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Cowles Library

 

Community Engaged Learning Resource Library: Getting Started

This research guide highlights resources for those interested in the pedagogy of community engaged learning. Included are sample syllabi, reflection resources, possible outlets for publishing on the topic and more!
Renee Sedlacek's picture
Renee Sedlacek
Contact:
1213 25th Street
(next to Varsity Theater)
515-271-2454
Website

State & National Resources

Campus Compact   

A comprehensive site that includes resources for service-learning practitioners, including faculty, presidents, administrators, and students. Includes model programs and sample syllabi, a calendar of events, extensive links to web resources, job listings, news, information on grants and fellowships, legislation, a special section for community colleges, and much more.

National: http://www.compact.org

Iowa: https://iacampuscompact.org/

Break Away: The Alternative Breaks Connection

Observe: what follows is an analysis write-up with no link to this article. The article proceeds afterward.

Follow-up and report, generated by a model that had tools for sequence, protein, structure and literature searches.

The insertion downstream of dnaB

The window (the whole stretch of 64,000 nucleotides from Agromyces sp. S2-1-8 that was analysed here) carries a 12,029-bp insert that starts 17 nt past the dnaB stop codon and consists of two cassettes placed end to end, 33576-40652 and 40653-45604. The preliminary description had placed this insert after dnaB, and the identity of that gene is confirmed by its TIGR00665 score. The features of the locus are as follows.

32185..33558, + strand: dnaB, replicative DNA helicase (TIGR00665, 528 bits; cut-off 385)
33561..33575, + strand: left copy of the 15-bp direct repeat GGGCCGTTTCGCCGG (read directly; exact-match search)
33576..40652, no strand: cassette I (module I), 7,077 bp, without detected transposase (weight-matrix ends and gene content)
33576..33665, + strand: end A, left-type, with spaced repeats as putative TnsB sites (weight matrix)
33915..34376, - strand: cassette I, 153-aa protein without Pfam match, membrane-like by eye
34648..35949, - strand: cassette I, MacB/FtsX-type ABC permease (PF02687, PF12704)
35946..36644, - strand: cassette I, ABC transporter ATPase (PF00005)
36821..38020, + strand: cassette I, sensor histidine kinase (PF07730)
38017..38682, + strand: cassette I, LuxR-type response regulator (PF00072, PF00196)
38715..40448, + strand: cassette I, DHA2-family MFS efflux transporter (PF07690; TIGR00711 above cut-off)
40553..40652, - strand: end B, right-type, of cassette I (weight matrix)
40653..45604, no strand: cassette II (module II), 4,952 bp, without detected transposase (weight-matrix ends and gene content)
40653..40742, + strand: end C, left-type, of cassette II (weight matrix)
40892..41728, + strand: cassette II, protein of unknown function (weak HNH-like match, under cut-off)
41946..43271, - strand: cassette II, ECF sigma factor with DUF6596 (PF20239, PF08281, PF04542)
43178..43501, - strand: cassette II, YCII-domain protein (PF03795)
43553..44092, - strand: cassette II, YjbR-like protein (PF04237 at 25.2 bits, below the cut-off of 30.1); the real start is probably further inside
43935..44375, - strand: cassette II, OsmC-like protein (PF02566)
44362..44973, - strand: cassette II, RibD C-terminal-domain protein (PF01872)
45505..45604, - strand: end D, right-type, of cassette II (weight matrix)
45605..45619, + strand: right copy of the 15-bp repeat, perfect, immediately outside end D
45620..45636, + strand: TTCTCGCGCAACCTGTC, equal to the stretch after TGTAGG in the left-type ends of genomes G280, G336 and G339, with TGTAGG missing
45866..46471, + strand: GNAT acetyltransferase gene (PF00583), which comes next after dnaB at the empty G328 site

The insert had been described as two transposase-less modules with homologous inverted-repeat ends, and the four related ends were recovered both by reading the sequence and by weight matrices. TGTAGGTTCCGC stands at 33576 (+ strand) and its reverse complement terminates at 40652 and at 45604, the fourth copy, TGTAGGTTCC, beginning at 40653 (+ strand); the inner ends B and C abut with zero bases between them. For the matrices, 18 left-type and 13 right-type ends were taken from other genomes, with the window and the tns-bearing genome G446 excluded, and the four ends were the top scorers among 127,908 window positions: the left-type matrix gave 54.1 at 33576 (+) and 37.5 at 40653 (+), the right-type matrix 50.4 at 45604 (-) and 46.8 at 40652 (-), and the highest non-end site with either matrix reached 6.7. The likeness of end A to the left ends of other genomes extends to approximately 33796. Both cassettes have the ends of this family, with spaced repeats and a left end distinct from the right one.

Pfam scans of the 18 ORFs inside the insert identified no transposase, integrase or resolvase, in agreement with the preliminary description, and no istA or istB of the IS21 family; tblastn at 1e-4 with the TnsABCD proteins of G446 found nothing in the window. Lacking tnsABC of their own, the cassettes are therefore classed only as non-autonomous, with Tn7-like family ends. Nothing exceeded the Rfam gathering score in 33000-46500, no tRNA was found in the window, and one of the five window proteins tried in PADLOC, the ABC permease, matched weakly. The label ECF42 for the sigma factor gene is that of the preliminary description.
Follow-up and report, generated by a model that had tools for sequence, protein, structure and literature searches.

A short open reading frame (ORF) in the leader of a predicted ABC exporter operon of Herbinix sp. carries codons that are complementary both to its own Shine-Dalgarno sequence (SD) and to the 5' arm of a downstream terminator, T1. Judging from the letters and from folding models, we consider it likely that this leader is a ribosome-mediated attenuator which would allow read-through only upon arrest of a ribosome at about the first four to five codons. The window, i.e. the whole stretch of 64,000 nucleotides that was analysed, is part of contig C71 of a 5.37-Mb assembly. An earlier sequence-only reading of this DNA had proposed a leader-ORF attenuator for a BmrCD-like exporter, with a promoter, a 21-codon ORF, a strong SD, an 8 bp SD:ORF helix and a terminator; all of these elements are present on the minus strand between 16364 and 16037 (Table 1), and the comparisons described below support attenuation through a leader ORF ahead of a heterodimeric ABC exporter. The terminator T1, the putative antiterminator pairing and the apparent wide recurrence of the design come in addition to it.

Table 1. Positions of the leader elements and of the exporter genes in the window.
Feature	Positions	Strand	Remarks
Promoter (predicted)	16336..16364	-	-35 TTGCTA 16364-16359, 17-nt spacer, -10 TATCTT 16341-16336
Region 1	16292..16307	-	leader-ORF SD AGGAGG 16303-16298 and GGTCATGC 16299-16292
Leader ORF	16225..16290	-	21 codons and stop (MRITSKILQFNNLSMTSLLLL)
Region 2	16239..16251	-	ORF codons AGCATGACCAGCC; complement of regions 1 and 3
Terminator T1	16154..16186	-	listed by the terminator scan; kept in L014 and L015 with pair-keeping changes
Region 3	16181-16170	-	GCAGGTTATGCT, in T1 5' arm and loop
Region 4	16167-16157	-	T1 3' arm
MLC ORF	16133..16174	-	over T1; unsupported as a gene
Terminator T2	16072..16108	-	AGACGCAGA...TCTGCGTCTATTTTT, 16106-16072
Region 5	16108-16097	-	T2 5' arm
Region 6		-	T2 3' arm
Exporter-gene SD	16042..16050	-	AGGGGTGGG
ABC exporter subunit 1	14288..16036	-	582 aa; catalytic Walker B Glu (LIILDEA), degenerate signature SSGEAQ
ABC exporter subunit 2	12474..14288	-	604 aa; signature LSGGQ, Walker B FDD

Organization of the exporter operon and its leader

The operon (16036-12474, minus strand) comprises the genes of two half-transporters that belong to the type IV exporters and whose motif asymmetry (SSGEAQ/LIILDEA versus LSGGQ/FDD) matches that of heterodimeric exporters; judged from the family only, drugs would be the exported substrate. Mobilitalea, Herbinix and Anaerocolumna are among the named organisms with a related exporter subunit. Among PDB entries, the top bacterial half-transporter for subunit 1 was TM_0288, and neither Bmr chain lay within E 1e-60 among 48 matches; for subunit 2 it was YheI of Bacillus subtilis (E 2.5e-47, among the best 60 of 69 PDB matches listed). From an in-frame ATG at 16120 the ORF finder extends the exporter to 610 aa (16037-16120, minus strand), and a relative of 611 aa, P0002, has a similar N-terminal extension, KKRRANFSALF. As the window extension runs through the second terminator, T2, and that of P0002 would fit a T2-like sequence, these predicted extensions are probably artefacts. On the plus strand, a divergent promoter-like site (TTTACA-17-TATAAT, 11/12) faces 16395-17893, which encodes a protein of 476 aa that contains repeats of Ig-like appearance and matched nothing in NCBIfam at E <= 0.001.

http://alternativebreaks.org/
Break Away is a national nonprofit organization that promotes the development of quality alternative break programs through training, assisting, and connecting campuses and communities.

Welcome

There are many ways to integrate community activities into a course. We recognize that CEL extends beyond traditional service-learning and may include a field experience, practicum, internship, capstone, research project, clinical, co-op, or co-curricular activity. See our philosophy page for specific definitions of service-learning, community engagement, etc. The experience may be a direct service/activity, or research, or other off-site work that benefits a community partner. Community Partners may be public, community-based, private, an industry business or academic organization working at the individual, neighborhood and city, regional, state, national, or international levels.

Courses with the CEL attribute must contain the following components:

  • Learning Outcomes: The community engagement activity is tied to one or more course learning outcomes.
  • Application and Integration: Guided by their instructor and working with a community partner, students engage with a community issue (local, regional or global), integrating theory and practice.
  • Reciprocity: The community experience seeks to offer value to the community partner as well as to the students.
  • Reflection and assessment: Students intentionally participate in reflection on the community experience (ethical and civic dimensions), the discipline and themselves.

Click the arrow --> on the Getting Started Tab to find more resources!

Recommended Readings for Beginners